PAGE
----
Numbers of people with Parkinson's disease will double over the next 25 years, according to a new study from the University of Otago, Christchurch's specialist brain research group.
Today there are at least 9500 people in New Zealand living with Parkinson's disease. The study predicts the number will double to 17,500 by 2035, and increase to 24,000 by 2068.
The research was done by the Christchurch-based New Zealand Brain Research Institute (NZBRI), which includes clinicians and brain imaging specialists.
Author Dr Toni Pitcher says she and the team wanted to provide robust data on future need by determining numbers of people with Parkinson's disease will change in the face of an ageing population. They analysed pharmaceutical records relating to the condition to calculate numbers.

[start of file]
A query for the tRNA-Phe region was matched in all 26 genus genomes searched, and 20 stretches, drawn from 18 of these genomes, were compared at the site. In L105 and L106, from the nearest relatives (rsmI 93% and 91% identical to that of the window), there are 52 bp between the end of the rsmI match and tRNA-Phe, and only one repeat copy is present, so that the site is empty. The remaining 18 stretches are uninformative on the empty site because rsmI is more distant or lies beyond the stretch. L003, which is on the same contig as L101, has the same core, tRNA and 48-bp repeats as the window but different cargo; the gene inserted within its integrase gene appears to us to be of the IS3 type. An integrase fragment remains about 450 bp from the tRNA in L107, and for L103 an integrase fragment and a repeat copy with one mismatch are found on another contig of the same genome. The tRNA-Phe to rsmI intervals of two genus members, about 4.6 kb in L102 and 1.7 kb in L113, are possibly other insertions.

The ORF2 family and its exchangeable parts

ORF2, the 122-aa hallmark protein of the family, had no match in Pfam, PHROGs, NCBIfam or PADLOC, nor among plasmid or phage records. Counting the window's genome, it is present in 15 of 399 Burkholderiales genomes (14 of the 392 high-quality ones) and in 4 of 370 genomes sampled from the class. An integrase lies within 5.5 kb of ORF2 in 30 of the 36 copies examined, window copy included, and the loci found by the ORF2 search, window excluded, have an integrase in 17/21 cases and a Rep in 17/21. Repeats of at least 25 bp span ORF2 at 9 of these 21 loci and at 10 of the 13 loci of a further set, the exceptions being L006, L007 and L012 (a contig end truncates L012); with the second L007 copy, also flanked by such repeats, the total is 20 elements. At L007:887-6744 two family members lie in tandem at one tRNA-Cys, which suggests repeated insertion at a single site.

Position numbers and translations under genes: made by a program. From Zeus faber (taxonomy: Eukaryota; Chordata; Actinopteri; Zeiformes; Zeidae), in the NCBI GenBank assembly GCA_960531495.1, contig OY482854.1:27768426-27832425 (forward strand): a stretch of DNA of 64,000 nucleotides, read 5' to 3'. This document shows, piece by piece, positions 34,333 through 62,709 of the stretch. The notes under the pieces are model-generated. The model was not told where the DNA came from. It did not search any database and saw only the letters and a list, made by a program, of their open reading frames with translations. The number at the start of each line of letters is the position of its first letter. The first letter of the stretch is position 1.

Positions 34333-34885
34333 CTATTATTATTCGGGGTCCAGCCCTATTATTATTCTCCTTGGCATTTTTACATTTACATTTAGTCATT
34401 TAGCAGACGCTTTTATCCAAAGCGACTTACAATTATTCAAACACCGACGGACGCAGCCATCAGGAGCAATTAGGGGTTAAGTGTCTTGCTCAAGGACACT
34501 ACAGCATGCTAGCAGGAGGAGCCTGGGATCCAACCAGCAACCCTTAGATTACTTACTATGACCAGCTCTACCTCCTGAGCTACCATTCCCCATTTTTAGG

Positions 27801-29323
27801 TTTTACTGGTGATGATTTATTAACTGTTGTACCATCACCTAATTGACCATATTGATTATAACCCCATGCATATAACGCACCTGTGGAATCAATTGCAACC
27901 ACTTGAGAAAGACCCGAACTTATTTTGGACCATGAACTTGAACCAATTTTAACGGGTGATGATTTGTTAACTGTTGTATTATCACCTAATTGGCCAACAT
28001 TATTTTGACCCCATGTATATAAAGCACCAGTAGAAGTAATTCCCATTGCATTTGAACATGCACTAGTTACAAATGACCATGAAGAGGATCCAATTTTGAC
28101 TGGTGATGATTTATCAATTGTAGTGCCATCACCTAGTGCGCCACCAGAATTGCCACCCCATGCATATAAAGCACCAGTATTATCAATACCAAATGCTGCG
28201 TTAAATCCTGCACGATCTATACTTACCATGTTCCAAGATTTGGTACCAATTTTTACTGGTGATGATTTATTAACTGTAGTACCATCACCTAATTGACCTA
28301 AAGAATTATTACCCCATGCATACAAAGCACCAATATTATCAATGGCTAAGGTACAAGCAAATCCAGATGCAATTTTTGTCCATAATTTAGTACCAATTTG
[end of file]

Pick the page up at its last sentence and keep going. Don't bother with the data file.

Dr Pitcher says as well as being able to predict future need, the study team observed an interesting pattern of disease in older age groups. It was commonly thought the risk of getting Parkinson's increased as age increased. But the study team found risk increased exponentially until age 75, peaked at age 85, then dropped off sharply after that. Dr Pitcher says this means, according to population data, the rate of increase in the number of people with Parkinson's will slow down as the proportion of the population reaching the oldest old age range (80+ years) increases.
Professor Tim Anderson, a Christchurch neurologist and part of the NZBRI study research team, says the study is crucial in planning for the future and ensuring appropriate resources are assigned to treat and support those with chronic and progressive neurological disorders of ageing, such as Parkinson's disease.
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